The Lockheed Martin F-16 Fighting Falcon is the western world’s most prolific fighter of the last 40 years.
Among the many tasks that the F-16 can perform, there is also the Forward Air Controller (Airborne) or FAC (A) mission.
In the cool video below you can see the strafing run of eight F-16CJs belonging to 22nd and 23rd Fighter Squadrons from Spangdahlem AB, during a NATO FACs exercise held at Nordhorn Range in Germany on Aug. 20, 2009.
But which are the skills requested to perform a FAC(A) mission?
In this kind of mission, the airborne platform has also the task to allocate fighters to targets designated by the ground troops.
Even if the FAC(A) concept dates back to WWII and, later, Korea Air War, nowadays the job generally requires a single seat plane, with a quite busy pilot who runs the radios, coordinates the attack runs with the ground troops, writes down some specific data information and flies the aircraft.
Aircraft flying FAC(A) missions usually carry a wide variety of ordnance such as dumb bombs, white phosphorus rockets (used to mark targets for inbound attackers) and also 20 mm rounds which flank the latest precision guided munitions that the Joint Helmet Mounted Cueing System (JHMCS) and Sniper targeting pod (along with Link 16 and other on board tech) make more efficient.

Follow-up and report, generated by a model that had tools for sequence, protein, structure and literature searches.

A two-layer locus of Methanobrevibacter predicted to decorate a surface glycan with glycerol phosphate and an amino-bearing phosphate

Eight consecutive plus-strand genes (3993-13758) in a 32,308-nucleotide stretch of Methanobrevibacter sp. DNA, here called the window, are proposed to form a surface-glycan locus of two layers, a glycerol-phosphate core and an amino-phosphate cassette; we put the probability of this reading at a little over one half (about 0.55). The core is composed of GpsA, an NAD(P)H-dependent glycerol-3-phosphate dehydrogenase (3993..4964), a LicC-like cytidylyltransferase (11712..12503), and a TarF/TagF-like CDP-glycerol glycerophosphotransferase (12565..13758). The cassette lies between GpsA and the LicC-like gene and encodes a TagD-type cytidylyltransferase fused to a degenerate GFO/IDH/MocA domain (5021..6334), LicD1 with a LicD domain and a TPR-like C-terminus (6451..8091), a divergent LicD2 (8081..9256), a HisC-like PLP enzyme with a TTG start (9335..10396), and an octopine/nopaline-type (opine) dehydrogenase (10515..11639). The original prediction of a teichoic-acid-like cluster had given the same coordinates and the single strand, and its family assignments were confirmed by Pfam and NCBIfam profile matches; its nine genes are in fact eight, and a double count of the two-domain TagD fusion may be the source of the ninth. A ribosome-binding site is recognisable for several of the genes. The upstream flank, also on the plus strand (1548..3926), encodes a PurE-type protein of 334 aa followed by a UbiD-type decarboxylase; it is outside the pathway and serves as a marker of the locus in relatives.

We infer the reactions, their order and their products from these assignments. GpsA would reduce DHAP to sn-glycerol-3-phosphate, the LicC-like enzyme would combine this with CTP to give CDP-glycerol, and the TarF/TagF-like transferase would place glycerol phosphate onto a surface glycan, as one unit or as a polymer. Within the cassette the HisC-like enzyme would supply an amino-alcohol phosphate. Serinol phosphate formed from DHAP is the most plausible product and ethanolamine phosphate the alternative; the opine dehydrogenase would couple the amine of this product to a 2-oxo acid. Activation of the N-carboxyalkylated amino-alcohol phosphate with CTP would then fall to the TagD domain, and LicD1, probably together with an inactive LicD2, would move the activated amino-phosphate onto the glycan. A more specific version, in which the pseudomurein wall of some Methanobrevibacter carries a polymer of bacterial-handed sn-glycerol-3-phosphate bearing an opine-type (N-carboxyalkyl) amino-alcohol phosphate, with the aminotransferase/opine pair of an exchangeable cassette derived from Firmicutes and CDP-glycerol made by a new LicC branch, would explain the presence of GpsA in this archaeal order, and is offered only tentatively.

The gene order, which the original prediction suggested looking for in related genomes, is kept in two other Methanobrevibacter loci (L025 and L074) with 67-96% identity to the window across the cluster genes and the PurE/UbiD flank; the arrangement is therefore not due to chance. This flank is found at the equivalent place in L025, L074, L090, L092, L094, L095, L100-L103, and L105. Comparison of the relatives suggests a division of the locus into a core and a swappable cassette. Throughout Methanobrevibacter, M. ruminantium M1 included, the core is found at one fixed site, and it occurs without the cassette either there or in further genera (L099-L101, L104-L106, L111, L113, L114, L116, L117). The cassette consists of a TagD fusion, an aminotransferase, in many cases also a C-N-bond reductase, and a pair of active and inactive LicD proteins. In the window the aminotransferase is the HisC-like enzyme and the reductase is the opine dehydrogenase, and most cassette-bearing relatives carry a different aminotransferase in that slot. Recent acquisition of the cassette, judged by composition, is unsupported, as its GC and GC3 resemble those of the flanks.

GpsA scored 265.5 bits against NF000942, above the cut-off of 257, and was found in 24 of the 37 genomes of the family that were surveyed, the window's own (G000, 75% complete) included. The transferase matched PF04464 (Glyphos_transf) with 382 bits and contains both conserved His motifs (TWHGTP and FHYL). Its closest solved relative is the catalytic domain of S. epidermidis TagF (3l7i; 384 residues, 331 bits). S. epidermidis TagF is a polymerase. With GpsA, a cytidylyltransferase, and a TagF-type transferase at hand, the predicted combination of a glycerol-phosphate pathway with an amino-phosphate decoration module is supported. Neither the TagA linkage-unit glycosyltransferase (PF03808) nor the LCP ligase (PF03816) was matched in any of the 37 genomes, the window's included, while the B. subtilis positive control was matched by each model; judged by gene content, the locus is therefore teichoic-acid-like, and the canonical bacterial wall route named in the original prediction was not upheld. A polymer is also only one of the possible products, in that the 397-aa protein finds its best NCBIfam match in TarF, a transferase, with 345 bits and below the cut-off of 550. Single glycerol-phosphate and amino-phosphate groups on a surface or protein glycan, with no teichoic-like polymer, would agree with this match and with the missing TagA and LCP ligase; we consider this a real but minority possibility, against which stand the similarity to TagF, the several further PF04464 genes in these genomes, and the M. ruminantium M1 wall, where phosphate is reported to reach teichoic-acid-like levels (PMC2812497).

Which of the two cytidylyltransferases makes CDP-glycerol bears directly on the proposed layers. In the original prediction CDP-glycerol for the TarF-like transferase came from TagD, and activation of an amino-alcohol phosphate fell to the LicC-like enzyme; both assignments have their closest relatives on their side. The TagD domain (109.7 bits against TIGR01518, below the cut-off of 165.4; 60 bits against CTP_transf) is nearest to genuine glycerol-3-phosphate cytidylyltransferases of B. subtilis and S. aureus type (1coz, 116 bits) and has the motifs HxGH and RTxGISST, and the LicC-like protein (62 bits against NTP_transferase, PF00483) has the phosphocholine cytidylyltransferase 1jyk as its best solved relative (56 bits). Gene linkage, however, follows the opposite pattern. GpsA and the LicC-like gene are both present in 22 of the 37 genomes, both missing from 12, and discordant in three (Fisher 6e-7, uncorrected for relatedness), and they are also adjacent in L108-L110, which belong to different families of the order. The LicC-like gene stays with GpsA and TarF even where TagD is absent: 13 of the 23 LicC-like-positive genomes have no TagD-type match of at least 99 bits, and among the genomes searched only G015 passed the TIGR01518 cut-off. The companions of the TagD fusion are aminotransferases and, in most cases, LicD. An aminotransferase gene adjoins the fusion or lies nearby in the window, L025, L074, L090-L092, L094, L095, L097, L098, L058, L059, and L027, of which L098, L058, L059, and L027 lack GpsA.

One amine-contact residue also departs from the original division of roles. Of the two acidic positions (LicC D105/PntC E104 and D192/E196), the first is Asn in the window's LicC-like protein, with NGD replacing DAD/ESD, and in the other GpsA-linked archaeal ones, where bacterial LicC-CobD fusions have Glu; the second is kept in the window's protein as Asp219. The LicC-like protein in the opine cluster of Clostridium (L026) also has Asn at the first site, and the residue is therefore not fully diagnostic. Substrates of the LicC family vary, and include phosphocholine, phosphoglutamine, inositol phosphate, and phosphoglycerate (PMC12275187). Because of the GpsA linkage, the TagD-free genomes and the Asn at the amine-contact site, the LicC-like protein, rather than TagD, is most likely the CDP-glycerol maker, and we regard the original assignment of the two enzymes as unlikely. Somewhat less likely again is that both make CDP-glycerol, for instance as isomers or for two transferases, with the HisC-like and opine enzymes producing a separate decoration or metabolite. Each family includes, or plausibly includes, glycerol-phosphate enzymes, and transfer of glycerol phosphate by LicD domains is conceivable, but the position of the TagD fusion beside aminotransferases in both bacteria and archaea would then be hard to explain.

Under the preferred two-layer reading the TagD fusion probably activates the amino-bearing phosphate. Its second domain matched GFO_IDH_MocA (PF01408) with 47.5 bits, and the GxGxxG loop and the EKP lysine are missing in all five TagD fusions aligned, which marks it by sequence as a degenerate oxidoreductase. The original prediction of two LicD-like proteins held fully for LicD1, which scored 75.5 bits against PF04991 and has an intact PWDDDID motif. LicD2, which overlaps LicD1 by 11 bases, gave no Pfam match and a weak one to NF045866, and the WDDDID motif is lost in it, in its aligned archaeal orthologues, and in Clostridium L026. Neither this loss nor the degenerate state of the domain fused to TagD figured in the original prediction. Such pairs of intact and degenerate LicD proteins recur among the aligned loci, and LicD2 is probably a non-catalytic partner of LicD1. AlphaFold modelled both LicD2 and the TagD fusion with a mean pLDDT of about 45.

The FAC(A) manages the Close Air Support stack, that is the vertical pier of airplanes that respond to the FAC(A)’s call for support.
While flying his own airplane and avoiding enemy Surface to Air Missiles (SAMs) and Anti Aircraft Artillery (AAA), the FAC(A) must keep track simultaneously the CAS stack which is made up of different types of aircraft, with many different types of air-to-ground munitions most of the times, and furthermore they have different loiter times, airspeeds and ability to hit targets on the ground.
Moreover the FAC(A) also coordinates army artillery fires. Therefore, it’s a quite busy mission!
The F-16, a fast jet that offers its pilot an impressive visibility, can carry plenty of ordnance, is maneuverable even at low-speed and high AOA (Angle of Attack) and can effectively cooperate with different types of aircraft, is the perfect asset to perform FAC(A) missions.
Another aircraft quite good in the same role is the OA-10 Warthog.
Image credit: U.S. Air Force